If you came up with a formula of what constituted a 1960s-70s “monster kid” — one of the key building blocks of geeky fandom — it might consist of one part classic Universal monsters, one part Godzilla and three or four parts Ray Harryhausen creatures.
That’s the stuff people grew up on, in movie theaters and especially on television, during that period. We watched Harryhausen monsters, sculpted Harryhausen monsters, imitated Harryhausen monsters. Some of us wanted to be future Harryhausens. Hell, some of us just wanted to be Harryhausen monsters.
So when Harryhausen died on May 7 at the age of 92, it was suddenly Ray Harryhausen Day on Facebook, with every Harryhausen monster kid coming out of the woodwork. Just as it was with the late Thunderbirds creator Gerry Anderson, Harryhausen’s indelible characters were toys come to life: Cyclops, centaurs, dragons, harpies, skeleton warriors, alien monsters and living statues — readymade to do battle with human heroes and each other. Yet these iconic creatures rarely generated toys or models in their day (only 1981’s Clash of the Titans got a short-lived toy line). But models, statues and toys started turning up in the late 1980s, well after Harryhausen stopped making movies, and manufacturers are still turning them out — if you can find them.
Prices reflect current (estimated) collector values.
Billiken Rhedosaurus Model
Japan’s Billiken company was one of the first “garage kit” companies to work in vinyl, making its kits lightweight and easy to build, but a little soft on detail. The Rhedosaurus hails from Harryhausen’s first solo film, The Beast from 20,000 Fathoms. Lighthouse not included.
X-Plus Ymir Action Figure
Japanese company X-Plus made a whole series of Harryhausen action figures (in 8″ and 12″ sizes), statues and “chess set” figurines in a series that covered almost all of Harryhausen’s characters. The 12″ size Ymir from 20 Million Miles to Earth featured a hypothetical color scheme for the creature, since the original movie was shot in black-and-white.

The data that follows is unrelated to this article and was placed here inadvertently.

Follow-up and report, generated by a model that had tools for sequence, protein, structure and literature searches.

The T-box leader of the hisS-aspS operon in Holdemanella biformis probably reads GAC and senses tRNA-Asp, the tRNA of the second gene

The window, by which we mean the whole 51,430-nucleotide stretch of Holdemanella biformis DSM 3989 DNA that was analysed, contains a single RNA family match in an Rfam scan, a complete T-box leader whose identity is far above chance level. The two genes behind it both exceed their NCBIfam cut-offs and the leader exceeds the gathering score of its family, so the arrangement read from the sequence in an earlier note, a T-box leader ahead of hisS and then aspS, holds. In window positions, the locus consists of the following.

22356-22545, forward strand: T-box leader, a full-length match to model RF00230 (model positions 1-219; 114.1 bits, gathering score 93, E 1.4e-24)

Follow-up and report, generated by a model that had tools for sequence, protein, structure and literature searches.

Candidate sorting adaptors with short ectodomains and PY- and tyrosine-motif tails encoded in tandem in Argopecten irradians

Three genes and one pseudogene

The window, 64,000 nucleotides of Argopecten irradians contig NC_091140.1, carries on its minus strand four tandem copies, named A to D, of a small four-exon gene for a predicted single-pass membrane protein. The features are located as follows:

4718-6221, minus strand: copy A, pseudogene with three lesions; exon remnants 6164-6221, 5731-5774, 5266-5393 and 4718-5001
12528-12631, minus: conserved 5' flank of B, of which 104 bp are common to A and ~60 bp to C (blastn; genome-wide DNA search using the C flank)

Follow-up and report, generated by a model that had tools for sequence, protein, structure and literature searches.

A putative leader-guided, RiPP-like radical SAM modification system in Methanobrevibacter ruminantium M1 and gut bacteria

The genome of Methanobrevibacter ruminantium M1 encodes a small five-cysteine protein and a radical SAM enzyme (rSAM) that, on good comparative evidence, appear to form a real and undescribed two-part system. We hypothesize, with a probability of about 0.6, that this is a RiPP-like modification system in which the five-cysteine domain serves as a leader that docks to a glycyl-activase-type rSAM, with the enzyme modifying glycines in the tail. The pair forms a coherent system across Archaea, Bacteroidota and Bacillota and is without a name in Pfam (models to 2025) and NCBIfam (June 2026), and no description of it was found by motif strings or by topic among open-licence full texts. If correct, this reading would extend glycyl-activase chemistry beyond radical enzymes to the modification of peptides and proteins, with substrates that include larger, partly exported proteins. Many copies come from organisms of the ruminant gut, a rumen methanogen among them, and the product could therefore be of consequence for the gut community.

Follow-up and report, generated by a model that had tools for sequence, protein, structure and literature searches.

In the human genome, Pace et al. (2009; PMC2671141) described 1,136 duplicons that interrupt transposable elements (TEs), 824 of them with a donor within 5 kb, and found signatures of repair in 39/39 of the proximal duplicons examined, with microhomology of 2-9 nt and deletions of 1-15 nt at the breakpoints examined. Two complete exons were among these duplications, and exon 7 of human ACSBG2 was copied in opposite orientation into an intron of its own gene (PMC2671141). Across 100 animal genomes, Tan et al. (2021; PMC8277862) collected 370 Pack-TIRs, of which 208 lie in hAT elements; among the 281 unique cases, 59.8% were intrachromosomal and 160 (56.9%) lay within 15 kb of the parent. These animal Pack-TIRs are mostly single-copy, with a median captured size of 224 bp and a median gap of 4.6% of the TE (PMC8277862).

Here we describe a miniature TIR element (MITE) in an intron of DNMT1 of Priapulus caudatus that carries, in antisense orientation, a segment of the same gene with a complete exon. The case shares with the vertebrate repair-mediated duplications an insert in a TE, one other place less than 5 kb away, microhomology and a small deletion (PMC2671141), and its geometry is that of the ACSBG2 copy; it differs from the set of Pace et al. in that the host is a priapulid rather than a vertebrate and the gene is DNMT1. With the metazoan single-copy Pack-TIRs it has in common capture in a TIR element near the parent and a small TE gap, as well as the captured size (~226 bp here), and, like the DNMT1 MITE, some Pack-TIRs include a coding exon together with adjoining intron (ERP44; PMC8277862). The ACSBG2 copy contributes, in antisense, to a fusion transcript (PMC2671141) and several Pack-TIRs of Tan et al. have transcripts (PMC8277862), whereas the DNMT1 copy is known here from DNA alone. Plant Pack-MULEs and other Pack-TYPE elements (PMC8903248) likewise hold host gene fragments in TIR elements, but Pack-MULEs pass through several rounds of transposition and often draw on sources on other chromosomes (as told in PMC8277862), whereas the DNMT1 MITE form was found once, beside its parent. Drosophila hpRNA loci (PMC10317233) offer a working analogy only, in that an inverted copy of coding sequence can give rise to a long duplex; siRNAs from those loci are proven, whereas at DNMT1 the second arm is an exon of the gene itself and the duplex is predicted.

X-Plus Dragon Action Figure
To recreate the awesome Cyclops vs. Dragon fight at the end of The 7th Voyage of Sinbad, you needed the 12″ scale dragon — which was actually almost 2′ long. These figures were actually only a little bit smaller than Harryhausen’s own animation models used during filming.
X-Plus Cyclops Action Figure
Perhaps Harryhausen’s most distinctive and famous monster, the 12″ Cyclops from The 7th Voyage of Sinbad featured 10 swiveling joints, including an opening and closing mouth.
Kaiyodo Gwangi Model
This is a rare, late ’80s vinyl model of the allosaurus from The Valley of Gwangi — this was one of the first decent-sized models of the character, and still one of the coolest vinyl kits ever produced. $90
MIM Talos Model
Monsters in Motion produced a line of large, resin Harryhausen kits around 1999. This 11″ release reproduces the scene of giant statue Talos about to upend the Argonaut in Jason and the Argonauts.
MIM Kali Model
This Monsters in Motion kit is an impressive reproduction of the six-armed statue of Kali from The Golden Voyage of Sinbad; the swords are made of white metal.
Geometric Medusa Model
Geometric produced some killer Harryhausen kits around 1994,
including this amazing model of the Medusa from Clash of the Titans — arguably Harryhausen’s finest animation sequence. The 12″ scale size and dynamic pose make this one of the coolest Harryhausen collectibles.
X-Plus Cephalopod Statue
This is one of the beautiful X-Plus “chess piece” statuettes of the nautiloid creature from Mysterious Island — includes teeny-weeny Captain Nemo.
X-Plus Hydra Statue
The Hydra (guarding the Golden Fleece) from Jason and the Argonauts was reportedly one of the toughest creatures Harryhausen ever had to animate, because he had to keep track of all seven heads and the directions they were moving in.
X-Plus Table Ymir Statue
This X-Plus chess piece statuette features the 20 Million Miles to Earth Ymir about to tear loose from his Frankenstein-like electricity table and wreak havoc.
Kaiyodo Revoltech Skeleton Warrior
These intricate reproductions of the army of the dead from Jason and the Argonauts came with multiple weapons (and hands to hold them), shield variants and additional, partial skeletons, meaning if you bought three you could almost re-create the entire attack group that takes on Jason and his men in the film. And thanks to their “revoltech” revolving ball and socket joints, you could pose them in any position, just as Ray did.